Dracula’s Dungeon Found in Turkey? Historical Tale Gets Tangled

A portrait of Vlad the Impaler, circa 1450, is based on a painting in Castle Ambras in the Tyrol. Getty Images file

A Turkish archaeologist has reported the discovery of two prison-like dungeons where the man who inspired the Dracula vampire saga, Vlad III the Impaler, was held captive in the 15th century. The find has sparked a buzz on the Internet, but it's also sparked follow-up questions.

Archaeologist Ibrahim Cetin, who has been working on excavations at Turkey's Tokat Castle, said in a Sept. 9 report published by the Hurriyet Daily News that excavators have unearthed "very mysterious" secret tunnels surrounding the site, plus a military shelter and dungeons.

"It is hard to estimate in which room Dracula was kept, but he was around here," Cetin told the Turkish newspaper, without elaborating.

Dracula graveyard bodies on view

Young Dracula

The report notes that Vlad the Impaler's captivity lasted from 1462 to 1474, but those dates actually refer to his arrest in modern-day Romania and imprisonment in Hungary. If Vlad spent time at Tokat Castle, it's far more likely to have been long before the Wallachian prince started impaling his enemies on stakes.

"Maybe the reference here is to the time Vlad and his brother Radu were held as hostages in Turkey as young boys," Elizabeth Miller, a Canadian scholar who specializes on the myths and realities behind the Dracula tale, told NBC News in an email.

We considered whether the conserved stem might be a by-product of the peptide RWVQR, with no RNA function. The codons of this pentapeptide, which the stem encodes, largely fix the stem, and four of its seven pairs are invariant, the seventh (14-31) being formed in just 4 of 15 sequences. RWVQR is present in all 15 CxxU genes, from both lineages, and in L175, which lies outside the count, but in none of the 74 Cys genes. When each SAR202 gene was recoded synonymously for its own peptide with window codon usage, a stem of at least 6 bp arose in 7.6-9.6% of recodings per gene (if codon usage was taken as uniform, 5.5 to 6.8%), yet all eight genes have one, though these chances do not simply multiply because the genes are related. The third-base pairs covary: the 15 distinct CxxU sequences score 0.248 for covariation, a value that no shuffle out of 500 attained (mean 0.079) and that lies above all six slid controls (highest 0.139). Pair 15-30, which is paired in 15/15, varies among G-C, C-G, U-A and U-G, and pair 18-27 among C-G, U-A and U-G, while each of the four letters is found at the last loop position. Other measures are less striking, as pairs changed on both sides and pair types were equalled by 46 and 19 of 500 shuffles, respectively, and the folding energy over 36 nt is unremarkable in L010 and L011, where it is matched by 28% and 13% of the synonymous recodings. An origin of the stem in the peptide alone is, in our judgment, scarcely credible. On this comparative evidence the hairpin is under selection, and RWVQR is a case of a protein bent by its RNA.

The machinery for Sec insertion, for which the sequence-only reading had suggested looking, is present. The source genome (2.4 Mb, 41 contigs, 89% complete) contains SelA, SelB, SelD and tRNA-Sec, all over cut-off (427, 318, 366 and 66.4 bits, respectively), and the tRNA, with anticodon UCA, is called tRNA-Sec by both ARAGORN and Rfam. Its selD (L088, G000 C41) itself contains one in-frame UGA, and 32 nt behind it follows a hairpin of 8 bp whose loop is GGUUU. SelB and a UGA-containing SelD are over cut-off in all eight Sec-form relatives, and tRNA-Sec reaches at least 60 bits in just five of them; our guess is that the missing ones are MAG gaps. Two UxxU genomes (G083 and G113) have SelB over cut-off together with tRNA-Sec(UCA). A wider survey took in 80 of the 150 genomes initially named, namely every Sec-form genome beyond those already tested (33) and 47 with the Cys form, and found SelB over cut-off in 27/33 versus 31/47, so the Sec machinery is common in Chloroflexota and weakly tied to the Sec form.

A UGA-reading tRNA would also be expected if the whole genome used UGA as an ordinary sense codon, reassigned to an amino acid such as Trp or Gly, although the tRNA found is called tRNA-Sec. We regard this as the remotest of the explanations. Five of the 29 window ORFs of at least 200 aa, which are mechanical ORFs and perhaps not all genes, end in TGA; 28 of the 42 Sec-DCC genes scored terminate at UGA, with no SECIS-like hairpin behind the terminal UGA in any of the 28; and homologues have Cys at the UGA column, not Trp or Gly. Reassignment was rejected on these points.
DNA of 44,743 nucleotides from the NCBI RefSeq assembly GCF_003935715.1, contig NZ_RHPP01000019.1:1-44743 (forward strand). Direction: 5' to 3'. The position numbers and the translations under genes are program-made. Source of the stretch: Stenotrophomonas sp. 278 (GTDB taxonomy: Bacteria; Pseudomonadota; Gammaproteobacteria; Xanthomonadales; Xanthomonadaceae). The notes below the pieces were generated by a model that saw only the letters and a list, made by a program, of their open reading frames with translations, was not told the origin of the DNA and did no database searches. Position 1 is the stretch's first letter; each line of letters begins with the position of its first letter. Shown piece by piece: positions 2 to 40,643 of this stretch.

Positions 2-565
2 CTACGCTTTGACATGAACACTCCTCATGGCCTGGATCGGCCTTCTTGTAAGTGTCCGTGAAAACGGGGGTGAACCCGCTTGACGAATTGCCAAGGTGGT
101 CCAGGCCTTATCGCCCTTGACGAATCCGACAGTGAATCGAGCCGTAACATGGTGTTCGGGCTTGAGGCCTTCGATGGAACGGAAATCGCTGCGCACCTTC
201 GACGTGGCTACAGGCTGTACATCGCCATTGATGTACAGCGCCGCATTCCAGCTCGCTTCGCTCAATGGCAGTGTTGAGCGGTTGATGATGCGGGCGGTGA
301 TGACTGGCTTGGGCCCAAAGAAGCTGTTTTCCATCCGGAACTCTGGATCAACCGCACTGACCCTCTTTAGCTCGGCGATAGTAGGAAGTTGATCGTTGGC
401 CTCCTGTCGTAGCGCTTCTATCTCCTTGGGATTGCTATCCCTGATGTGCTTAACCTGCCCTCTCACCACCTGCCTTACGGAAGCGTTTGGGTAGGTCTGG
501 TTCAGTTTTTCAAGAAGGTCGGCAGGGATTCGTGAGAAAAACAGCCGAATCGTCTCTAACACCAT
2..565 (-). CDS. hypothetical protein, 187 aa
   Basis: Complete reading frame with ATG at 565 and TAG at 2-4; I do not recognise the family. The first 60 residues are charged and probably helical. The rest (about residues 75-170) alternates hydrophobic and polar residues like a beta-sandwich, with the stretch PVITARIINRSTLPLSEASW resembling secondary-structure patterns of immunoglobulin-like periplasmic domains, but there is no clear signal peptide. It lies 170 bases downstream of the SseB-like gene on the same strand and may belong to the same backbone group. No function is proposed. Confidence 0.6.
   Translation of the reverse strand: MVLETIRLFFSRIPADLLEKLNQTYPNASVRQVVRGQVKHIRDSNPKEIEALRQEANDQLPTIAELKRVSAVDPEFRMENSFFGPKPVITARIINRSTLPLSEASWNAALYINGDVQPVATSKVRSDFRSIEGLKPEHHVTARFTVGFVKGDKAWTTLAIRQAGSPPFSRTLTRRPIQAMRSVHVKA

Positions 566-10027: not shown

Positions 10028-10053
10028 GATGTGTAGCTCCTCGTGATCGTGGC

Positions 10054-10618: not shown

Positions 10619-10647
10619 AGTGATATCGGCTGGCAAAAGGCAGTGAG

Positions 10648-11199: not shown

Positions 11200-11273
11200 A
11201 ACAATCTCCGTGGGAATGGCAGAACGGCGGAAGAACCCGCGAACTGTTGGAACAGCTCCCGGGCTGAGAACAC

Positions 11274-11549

On the Ancient Origins website, researcher-writer April Holloway sides with that scenario as well. Historians agree that Vlad and Radu were held by the Ottoman Turks as political hostages in the 1440s, during their teenage years, to ensure the loyalty of Vlad II Dracul, their father. Tokat Castle, a Turkish fortress in the northern region of Anatolia, was a natural place for the boys to have been held.

Mysteries and missteps

Their life in Turkish captivity wasn't exactly solitary confinement. It's said that Vlad was educated in the Turkish language and literature, as well as warfare and horsemanship. But it's also said that the young Vlad developed his intense hatred for the Turks during this time. After the death of Vlad's father and his brother in 1447, the Turks freed the two hostages — and by some accounts helped engineer Vlad III's initial rise to power in 1448.

Over the decades that followed, Vlad III, his rivals in Wallachia and the Turks went through more shifts in fortune than a "Game of Thrones" novel. After several reigns of terror, Vlad the Impaler was killed under mysterious circumstances in late 1476 or early 1477, and his head was sent to the Turks as a trophy. Historians say the rest of his body was buried in present-day Romania, either at the Comana monastery or the Snagov monastery — but archaeologists have found no traces of the body.

A few months ago, Estonian scholars claimed to have found evidence that Vlad III ended up being buried in Naples, Italy, rather than Romania — but those claims were quickly debunked. The episode could well serve as a cautionary tale for anyone reading the reports about "Dracula's Dungeons."